Earlier this year, the FBI discovered a Saudi group had funded hackers to target AT&T. The FBI enlisted the help of the Philippine’s Criminal Investigation and Detection Group’s (CIDG) International cyber-crime division (ATCCD) to investigate the attack. The group was suspected of having ties to terrorist organizations, although details were never officially disclosed.
Earlier last week, AT&T claimed to be investigating an intrusion attempt on its system. However, the company said it did not believe any accounts were compromised. Reports are now surfacing that AT&T has been working with the FBI and Philippine law enforcement to apprehend attackers, although a link between the two events has not been confirmed.
The CIDG stated, “The hacking activity resulted in almost $2 million in losses incurred by the company,” referring to AT&T’s involvement as a target of the attack.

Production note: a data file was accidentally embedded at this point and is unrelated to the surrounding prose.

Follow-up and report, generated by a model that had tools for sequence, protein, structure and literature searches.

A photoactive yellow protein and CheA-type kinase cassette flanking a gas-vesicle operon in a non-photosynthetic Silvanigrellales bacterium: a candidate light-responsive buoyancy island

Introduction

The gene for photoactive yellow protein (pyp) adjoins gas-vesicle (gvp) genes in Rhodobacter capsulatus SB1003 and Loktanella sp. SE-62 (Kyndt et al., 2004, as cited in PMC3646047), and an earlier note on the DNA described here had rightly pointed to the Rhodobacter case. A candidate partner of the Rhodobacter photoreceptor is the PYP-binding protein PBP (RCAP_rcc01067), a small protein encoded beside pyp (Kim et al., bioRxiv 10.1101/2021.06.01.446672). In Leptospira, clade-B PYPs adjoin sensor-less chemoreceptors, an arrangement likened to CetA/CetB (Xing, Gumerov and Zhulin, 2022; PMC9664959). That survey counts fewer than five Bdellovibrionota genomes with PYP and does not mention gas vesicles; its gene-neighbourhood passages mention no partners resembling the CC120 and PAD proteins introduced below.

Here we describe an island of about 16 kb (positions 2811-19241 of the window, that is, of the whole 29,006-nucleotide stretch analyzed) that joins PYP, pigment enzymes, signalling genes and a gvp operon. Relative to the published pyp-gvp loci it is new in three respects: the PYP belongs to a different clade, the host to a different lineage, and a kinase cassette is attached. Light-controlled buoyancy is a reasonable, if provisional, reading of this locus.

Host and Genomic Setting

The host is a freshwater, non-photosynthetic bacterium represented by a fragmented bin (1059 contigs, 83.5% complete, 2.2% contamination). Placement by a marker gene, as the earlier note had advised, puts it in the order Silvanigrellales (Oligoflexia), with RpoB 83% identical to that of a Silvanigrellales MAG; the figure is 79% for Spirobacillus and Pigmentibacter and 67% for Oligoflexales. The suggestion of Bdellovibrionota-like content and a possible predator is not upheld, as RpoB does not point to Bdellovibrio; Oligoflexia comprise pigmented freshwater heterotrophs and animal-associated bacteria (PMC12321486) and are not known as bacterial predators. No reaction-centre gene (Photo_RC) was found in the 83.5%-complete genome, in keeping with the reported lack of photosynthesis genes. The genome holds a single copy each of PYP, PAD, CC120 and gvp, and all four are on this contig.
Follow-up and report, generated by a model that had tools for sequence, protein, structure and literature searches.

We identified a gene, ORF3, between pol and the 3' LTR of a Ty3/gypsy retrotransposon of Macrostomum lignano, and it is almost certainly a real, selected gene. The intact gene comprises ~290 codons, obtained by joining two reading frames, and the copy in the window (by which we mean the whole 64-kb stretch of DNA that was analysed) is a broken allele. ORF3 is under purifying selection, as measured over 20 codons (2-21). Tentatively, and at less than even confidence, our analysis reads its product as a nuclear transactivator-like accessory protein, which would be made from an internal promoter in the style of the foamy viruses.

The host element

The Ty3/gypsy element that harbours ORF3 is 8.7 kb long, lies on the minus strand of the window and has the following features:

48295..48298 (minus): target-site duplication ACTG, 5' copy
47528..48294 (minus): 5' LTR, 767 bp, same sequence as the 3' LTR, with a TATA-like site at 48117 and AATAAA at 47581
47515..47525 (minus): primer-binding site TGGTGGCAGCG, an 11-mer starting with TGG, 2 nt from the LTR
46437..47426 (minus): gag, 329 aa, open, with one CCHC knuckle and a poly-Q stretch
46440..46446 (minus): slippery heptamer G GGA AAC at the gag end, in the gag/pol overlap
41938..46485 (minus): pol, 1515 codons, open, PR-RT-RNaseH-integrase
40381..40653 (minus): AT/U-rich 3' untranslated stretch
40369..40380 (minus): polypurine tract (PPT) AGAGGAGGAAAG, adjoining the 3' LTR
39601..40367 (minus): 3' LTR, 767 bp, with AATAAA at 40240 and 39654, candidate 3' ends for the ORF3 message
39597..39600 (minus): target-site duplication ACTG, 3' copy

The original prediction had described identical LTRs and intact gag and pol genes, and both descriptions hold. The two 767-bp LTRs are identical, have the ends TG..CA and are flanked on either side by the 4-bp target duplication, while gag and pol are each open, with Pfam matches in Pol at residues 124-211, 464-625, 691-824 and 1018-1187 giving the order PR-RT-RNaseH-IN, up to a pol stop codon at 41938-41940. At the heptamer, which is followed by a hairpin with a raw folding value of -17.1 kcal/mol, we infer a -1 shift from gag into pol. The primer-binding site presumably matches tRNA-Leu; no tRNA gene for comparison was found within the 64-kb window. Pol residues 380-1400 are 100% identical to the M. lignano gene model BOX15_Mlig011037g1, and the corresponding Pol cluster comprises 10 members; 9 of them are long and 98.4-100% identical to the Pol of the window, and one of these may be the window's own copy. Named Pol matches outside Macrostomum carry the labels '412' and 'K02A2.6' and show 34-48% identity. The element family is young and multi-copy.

An AT&T spokeswoman, Jan Rasmussen, denied any breach of security by claiming, “AT&T and its network were neither targeted nor breached by the hackers. AT&T only assisted law enforcement in the investigation that led to the arrest of a group of hackers.”
Jan Rasmussen’s statement seems to directly contradict the earlier statement by the CIDG and another statement by AT&T saying the company, “ended up writing off some fraudulent charges that appeared on customer bills.” Given these contradictions, it is impossible to determine to what extent AT&T’s network was hacked, if at all.
The four men arrested were Filipino and funded by a group formerly headed by Muhammad Zamir, a South East Asian militant. Zamir has a colorful history with financial ties to Al Qaeda and funding the terrorist bombing of Mumbai, India on November 26, 2008. One of the men detained was identified as Paul Michael Kwan, a suspect previously convicted of illegal militant activity in 2007.
The CIDG said suspects hacked PBX lines from various telecommunications companies to steal money and divert it into the bank accounts of terrorists. The hackers were to be paid commission, based upon how much money they could funnel to accounts.
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